Books on experiencing retirement
Boomers are using their talents to examine their experiences of aging and retirement. Ian Brown, feature writer for the Globe and Mail, has written a book called Sixty: The Beginning of the End, or the End of the Beginning?, which is a reflection on his life, values, his body’s changes, and experiences as he hits the first year of his sixties decade. Our time here is finite and thus valuable is one insight. Bill Richardson, former CBC personality, has written a collection of poems with attitude called The First Little Bastard to Call Me Gramps: Poems of the Late Middle Ages. It is a sharp and irreverent take on the trials and, at times, funny tribulations of growing older.
Are Men Ready to retire?
Lyndsay Green, author of You Could Live a Long Time: Are You Ready? and The Perfect Home for a Long Life has another comprehensive and insightful book called Ready to Retire?: What You and Your Spouse Need to Know About the Reality of Retirement. It is easy to read, chock full of anecdotes with references to books, movies and even paintings that depict the latter part of the lifecycle.
She interviewed men between the ages of 56 and 88 as well as some of their spouses, asked probing questions and got thoughtful and honest answers. She combines their responses with up to date information from her comprehensive research. This provides the framework for a readable and valuable resource for those contemplating retirement as well as those helping them do so.
Men talk about their fears about finances, boredom, drinking, depression, and the impact of a series of losses. These losses may include identity, a sense of meaning and purpose, structure, income, health, friendship and collegiality, intellectual stimulation, and status. Thirty per cent of men have difficulty with the transition to retirement and 1.7 million Canadian men are between 60 and 69 and that number is steadily rising. That makes this book timely and relevant.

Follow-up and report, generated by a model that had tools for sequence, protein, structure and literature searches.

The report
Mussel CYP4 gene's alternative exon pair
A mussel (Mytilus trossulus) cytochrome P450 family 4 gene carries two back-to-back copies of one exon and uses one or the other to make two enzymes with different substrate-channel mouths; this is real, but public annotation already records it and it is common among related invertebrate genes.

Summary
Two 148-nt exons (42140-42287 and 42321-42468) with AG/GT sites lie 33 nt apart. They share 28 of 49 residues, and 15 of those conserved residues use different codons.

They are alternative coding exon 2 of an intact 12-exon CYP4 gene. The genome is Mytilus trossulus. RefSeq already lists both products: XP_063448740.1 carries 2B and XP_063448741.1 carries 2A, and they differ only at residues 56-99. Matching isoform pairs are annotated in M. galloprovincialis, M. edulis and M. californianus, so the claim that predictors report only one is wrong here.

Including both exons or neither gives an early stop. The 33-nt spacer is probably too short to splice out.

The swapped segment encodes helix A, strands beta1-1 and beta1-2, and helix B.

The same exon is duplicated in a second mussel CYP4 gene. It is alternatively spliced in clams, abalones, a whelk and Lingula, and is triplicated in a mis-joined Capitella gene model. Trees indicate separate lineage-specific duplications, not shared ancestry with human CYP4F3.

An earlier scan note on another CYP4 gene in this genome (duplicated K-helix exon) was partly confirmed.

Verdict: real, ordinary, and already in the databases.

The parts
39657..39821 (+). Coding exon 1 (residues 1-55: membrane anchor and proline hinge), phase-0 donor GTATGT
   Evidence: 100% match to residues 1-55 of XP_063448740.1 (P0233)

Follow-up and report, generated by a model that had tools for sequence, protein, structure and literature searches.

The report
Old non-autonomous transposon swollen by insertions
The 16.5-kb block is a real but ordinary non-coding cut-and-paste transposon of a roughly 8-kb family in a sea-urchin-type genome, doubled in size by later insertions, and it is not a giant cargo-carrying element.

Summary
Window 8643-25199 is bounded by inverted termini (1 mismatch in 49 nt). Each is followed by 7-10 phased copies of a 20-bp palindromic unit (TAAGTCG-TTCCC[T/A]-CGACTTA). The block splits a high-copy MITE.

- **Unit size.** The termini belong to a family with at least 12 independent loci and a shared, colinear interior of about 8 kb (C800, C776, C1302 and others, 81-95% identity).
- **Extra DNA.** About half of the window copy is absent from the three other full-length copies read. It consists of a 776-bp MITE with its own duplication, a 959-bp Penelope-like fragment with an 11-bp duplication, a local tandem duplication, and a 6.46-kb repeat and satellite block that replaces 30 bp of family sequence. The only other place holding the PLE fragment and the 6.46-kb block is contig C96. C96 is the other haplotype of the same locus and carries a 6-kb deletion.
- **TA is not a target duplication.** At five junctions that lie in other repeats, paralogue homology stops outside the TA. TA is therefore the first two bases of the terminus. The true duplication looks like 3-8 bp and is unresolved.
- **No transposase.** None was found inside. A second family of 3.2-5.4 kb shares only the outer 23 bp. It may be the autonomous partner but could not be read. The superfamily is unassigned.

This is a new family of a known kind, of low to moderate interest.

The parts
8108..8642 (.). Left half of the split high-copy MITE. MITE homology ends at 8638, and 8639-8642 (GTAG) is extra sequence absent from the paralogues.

Coping with change
The questions that are examined by these men include how to continue personal growth, where to get intellectual stimulation, what to do with all that time on your hands, how to use your energy and skills, how to fill a possible emotional hole left after your work life is done, and how to renegotiate your relationships. It was no surprise to me that most men do little or no planning for these aspects.
- only one in ten men claimed to have given a great deal of consideration to planning their retirement lives, and most of them focused on finances almost to the exclusion of anything else.
- A proactive approach to retirement and a positive sense of self outside of work are key to a smooth transition to retirement.
- Retirees who feel retirement is for resting and relaxing are less satisfied with their lives and their retirement.
- Psychologically, they feel less socially connected, less productive and valued, less confident, less optimistic about the future—and much less motivated—compared to those who consider retirement to be a time to pursue new goals.
Some men delay retirement, start an encore career, start a business, work part time, or become serial retirees. Others delve into self exploration, face their existential crises, get more in touch with their spirituality, pursue further learning, do volunteer work, or take on new roles in their families and communities. Buying into the ‘Can’t teach an old dog new tricks’ is challenged as dangerous and false in this book. Many of these men are struggling, searching, making discoveries, trying new identities and regenerating in their own ways. Lyndsay Green has put their stories and experiences into context for those contemplating making the transition.
The geezer greeting card images are not the stories told in this must read book on experiencing retirement!